Also found out that its the camera back focus that needs to be the correct amount. Believe that's 55mm for most ASI's. I first tried 73 mm for the scopes focal plane and it was a complete disaster. 55mm worked great after the few thin spacers were added to tweak the elongation. That was 55mm for the Z73 (with flatterer) and a RedCat 51(no flatterer) that have different focal planes.

 

On a C8 HD, well this could be totally different... but try 55mm if its not workin what the heck!

 

Hope this helps.

 



#4 cozzmic

cozzmic

    Lift Off

  • -----
  • Posts: 3
  • Joined: 04 Oct 2020

Posted 20 September 2021 - 11:39 PM

hmm pic did not upload

 

look at this post

 

https://www.cloudyni...-my-back-focus/



#5 sctbrd

sctbrd

    Explorer 1

  • -----
  • Posts: 72
  • Joined: 17 Nov 2009

Posted 20 September 2021 - 11:44 PM

This is a good start- check your stars across the frame and compare to this guide. If the FWHM are different in the corners probably a tilt issue, maybe collimation.

 

CCDInspector, I have just started messing with it also, isn't too difficult to use. The hardest part is to decipher what to do with the results.

I take a single frame of a star field with not bright DSOs or clusters and open it with CCDInspector. Click measure and then you can check your results and look at graphical representations of your setup. Then you can take another frame, measure, and compare. The frames do not have to be in focus, it says results may be better slightly out of focus...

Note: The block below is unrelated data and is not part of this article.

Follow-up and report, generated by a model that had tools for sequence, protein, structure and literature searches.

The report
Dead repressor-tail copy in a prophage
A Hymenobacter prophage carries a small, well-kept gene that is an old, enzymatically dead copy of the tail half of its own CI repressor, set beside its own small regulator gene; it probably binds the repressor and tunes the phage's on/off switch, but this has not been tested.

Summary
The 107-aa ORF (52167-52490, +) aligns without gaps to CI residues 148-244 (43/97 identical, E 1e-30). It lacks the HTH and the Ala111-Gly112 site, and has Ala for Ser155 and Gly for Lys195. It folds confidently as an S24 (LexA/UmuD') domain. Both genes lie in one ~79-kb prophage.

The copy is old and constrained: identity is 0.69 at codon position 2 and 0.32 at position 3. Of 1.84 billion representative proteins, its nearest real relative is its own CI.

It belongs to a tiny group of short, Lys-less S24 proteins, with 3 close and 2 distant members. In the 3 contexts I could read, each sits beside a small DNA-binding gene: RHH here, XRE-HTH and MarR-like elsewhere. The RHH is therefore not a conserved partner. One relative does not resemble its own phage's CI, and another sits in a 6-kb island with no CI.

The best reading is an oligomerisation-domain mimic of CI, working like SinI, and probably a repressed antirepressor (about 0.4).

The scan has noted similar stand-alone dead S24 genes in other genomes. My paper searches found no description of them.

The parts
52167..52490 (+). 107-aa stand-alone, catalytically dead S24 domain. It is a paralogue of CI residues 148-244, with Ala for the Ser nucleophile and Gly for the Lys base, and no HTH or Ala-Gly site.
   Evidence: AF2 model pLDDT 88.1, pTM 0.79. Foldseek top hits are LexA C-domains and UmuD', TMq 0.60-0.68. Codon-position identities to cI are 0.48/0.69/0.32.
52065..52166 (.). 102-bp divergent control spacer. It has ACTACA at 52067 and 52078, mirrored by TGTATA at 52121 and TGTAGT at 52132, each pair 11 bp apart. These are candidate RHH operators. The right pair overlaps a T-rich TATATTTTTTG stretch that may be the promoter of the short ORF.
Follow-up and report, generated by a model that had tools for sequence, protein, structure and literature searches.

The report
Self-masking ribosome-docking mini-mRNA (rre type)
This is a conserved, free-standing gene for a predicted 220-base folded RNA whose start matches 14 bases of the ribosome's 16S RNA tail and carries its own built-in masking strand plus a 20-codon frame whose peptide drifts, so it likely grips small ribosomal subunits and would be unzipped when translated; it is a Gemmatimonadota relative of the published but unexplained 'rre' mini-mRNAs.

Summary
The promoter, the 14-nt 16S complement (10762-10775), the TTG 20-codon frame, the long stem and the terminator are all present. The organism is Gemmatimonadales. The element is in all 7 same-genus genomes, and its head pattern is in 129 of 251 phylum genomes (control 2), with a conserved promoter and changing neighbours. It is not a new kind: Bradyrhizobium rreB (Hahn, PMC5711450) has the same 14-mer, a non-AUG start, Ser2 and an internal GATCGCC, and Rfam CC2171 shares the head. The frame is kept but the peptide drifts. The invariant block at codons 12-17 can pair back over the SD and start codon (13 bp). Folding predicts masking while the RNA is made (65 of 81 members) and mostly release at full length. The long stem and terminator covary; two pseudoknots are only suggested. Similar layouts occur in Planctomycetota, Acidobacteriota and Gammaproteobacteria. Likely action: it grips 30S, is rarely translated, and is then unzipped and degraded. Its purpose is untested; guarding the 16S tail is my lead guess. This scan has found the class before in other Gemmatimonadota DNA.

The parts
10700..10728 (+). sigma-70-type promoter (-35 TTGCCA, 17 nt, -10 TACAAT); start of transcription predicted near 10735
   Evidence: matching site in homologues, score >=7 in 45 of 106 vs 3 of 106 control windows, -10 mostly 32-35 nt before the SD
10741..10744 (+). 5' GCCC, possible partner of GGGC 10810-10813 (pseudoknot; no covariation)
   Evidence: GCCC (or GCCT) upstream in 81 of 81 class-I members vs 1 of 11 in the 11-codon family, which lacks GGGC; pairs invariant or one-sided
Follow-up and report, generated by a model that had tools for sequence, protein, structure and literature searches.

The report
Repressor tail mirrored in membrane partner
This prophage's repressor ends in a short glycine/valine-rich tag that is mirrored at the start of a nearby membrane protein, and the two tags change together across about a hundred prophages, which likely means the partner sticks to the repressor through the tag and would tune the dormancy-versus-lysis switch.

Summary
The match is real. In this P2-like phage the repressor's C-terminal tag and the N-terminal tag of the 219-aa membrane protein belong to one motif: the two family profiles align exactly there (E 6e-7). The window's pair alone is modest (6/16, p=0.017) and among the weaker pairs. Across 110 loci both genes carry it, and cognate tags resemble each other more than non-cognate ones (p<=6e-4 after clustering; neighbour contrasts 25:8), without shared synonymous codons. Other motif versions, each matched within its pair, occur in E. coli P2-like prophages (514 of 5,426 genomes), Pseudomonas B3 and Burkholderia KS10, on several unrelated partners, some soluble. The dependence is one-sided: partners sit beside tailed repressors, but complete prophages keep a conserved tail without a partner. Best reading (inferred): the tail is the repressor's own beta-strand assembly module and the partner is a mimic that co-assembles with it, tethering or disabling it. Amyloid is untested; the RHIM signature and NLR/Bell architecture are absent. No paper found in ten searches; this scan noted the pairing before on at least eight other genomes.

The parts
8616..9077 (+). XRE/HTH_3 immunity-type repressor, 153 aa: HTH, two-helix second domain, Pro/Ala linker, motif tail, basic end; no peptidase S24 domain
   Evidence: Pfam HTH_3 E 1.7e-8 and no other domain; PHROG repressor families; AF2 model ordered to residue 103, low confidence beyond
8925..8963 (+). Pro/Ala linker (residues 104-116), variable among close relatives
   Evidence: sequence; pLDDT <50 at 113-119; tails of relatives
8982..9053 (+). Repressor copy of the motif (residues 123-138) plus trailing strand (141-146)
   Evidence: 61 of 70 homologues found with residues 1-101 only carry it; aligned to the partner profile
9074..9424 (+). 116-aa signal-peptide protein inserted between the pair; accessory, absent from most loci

(Too bad there isn't a guide on how to make adjustments with the results you get-Im working on it but clouds are hampering my efforts).

post-322714-0-86551200-1599509754.png


  • mariemarie and starrycanuck like this

#6 Tuant

Tuant

    Sputnik

  • -----
  • topic starter
  • Posts: 28
  • Joined: 26 Apr 2018
  • Loc: Zamora, Spain

Posted 21 September 2021 - 03:17 AM

It seems I haven't been able to explain the problem with words, so I've converted the fit files into jpg to show what's going on.

 

https://ibb.co/7bxrKZY
https://ibb.co/1mWNVGY
https://ibb.co/k15YRk5

 

@bobzeq25 that's what I was thinking too, but focus was achieved carefully with a Bahtinov mask, and also, with just a slight movement of the focus, the "donut" stars begin to blurr, showing their maximun definition when they're showing the central obstruction.

 

I've imaged before with this scope (with an ASI 294 MC) and with this cam (with a TS 61 EDPH). Managed to do some (in my eyes) decent images.

 

https://ibb.co/m45TsHQ
https://ibb.co/w6XCZhY

 

@cozzmic Celestron says it's 105 mm with the 0.7 FR. 55 mm is too low (the OAG itself consumes more than 60mm).

 

@sctbrd That's exactly what I don't know what to do with CCD Inspector, reaching conclussions based on what it measures. Anyway, as you can see on the images, the elongated pattern has very little to do with the concentric patterns of "too close" or "too far". Had I had a pattern like that, I would have easily identified wheter I need to add or remove backfocus milimeters.



#7 michael8554

michael8554

    Apollo

  • -----
  • Posts: 1,436
  • Joined: 19 Aug 2020
  • Loc: Wiltshire UK

Posted 21 September 2021 - 07:57 AM

I see no signs of spacing issues in your FITs.

 

All I see is elongated stars at the centre and edges of the images, indicating guiding issues.


  • OldManSky likes this

#8 Tuant

Tuant

    Sputnik

  • -----
  • topic starter
  • Posts: 28
  • Joined: 26 Apr 2018
  • Loc: Zamora, Spain

Posted 21 September 2021 - 08:04 AM

I see no signs of spacing issues in your FITs.